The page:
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April 22, 2010

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Warm hearts, helping hands

EXHAUSTED with fever, his lips parched, Gao Shuyou continues to volunteer in quake relief in Yushu Tibetan Autonomous Prefecture. Visiting the area as tourist when the quake hit, Gao has been helping for five days straight.

"I had a fever last night and got an intravenous drip," says Gao who has slept under the stars for three freezing nights before getting a tent on Saturday.

"At first I wanted to get out of here, but I just could not leave those in need," says Gao who was born in northeast China's Jilin Province and now works in Macau.

Gao and his friend Chen Yunfei went to Gyegu Town in the Tibetan Autonomous Prefecture of Yushu on a sightseeing tour on April 13, a tour they never thought would be so life-altering.

"When the earthquake struck on Wednesday (April 14), we ran out of our hotel into the dusty streets as houses collapsed, people were yelling, dogs barking," Gao recalls.

Feeling fortunate to be alive, Gao and Chen climbed onto collapsed houses and dug with their bare hands in search of the buried.

Many locals were Tibetan and "although I don't speak their language, their eyes showed how grateful they were for our help," says Gao.

Gao and Chen first pulled a couple out of the debris, but they did not survive. Then they dug out a mother and her baby, both of the Hui ethnic group.

"The baby survived but the mother died. We tried artificial respiration but she still didn't make it. It felt so bad seeing people die," Gao says.

Feeling what they could do on their own was limited, Gao and Chen approached the Yushu Prefecture Committee of Chinese Communist Youth League and officially enrolled as volunteers.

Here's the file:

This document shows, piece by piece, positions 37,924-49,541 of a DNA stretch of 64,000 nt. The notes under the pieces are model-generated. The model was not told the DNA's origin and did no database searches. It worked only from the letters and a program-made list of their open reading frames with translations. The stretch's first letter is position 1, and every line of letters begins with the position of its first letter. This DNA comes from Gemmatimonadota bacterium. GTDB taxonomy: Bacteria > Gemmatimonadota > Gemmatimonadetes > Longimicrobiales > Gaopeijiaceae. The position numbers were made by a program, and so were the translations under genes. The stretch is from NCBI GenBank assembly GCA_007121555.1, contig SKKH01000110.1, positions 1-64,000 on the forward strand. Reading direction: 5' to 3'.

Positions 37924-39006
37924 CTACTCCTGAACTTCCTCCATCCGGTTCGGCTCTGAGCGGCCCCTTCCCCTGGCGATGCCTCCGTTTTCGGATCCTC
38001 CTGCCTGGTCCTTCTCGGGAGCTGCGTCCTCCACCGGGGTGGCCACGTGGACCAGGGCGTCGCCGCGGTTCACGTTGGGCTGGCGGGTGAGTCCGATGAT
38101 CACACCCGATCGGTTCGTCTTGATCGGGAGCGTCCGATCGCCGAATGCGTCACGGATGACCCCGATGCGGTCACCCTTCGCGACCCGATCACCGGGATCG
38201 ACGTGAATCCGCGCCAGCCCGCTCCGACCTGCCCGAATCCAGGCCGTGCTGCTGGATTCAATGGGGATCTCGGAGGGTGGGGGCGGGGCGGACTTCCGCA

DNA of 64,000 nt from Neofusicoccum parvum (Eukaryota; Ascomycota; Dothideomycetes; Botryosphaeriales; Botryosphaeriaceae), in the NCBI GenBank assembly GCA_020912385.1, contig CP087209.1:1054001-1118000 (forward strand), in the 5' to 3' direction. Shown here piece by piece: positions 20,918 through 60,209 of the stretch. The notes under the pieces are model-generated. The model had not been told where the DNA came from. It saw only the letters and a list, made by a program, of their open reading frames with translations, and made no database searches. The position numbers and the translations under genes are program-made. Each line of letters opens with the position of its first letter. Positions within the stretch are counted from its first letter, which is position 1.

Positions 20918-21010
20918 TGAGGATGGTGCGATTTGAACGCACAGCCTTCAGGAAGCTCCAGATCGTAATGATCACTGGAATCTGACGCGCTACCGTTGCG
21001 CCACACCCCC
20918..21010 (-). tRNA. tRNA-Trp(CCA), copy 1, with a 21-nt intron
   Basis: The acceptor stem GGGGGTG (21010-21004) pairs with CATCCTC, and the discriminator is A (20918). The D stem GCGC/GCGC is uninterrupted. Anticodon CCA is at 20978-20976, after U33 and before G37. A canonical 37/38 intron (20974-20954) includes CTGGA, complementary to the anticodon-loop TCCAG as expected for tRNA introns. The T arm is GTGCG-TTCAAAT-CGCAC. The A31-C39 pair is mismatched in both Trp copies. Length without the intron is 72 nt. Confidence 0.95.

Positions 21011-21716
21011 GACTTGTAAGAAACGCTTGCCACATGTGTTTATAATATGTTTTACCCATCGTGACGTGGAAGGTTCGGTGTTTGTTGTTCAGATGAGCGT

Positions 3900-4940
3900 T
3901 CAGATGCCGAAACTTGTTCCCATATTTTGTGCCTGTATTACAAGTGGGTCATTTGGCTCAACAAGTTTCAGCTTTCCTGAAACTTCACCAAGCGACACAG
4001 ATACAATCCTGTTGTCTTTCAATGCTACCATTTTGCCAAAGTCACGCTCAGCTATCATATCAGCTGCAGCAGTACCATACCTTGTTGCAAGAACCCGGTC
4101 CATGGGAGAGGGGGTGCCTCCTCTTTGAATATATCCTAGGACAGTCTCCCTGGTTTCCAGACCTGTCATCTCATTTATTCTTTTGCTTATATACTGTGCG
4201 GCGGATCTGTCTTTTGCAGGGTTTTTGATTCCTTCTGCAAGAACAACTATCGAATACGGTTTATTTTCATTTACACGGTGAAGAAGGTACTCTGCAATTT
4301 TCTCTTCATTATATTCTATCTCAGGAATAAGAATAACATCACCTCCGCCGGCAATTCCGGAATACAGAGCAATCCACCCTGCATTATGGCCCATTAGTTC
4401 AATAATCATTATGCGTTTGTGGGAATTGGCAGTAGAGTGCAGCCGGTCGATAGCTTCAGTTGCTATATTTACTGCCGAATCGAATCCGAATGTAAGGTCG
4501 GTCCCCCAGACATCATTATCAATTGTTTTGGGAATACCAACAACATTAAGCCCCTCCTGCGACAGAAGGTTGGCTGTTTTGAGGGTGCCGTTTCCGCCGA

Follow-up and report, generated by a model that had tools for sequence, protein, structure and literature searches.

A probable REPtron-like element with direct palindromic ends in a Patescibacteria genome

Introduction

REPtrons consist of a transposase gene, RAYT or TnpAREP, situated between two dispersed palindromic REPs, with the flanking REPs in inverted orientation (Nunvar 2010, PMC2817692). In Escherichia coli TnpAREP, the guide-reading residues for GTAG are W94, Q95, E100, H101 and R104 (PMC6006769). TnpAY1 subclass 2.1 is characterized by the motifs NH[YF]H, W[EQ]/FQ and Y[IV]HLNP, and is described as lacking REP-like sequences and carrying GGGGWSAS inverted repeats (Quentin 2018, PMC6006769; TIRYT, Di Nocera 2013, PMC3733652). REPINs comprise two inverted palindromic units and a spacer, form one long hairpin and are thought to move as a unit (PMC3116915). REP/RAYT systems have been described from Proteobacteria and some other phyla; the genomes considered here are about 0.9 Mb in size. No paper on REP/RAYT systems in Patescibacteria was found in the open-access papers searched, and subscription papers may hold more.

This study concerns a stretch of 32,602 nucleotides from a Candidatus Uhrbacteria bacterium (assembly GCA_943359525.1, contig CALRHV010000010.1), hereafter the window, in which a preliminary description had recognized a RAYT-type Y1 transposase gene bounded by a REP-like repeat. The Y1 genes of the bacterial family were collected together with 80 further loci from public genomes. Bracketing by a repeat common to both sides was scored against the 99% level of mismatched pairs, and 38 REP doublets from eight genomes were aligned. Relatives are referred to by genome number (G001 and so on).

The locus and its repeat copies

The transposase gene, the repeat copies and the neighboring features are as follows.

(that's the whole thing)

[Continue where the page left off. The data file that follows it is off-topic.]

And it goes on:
Now Gao works to recruit and organize other volunteers. "As of Sunday morning, about 400 volunteers had joined us coming from all over China," Gao says.

"You can tell volunteers by the red strips pinned to their clothes or tied around their arms. Volunteers do whatever is needed, such as searching for survivors, transporting the injured and collecting garbage," says Gao.

Since all the stores and restaurants are closed because of the quake, Gao has had nothing to eat but ship biscuits, instant noodles and bottled water.

After toiling for five days without proper food and rest, Gao feels weak but continues to help. "I was lucky that I survived and now it's time for me to give something back by helping those in need," he says.

A 7.1-magnitude quake struck the Yushu Prefecture on April 14. More than 2,000 people were killed, and more than 12,130 others were injured, rescue headquarters report.

Made of wood and mud, most houses in the area collapsed or were on the verge of collapse after the quake.

Tens of thousands of people need to be relocated. Thousands of soldiers and officers, armed police, medical workers and other trained rescuers have been working in the quake zone.


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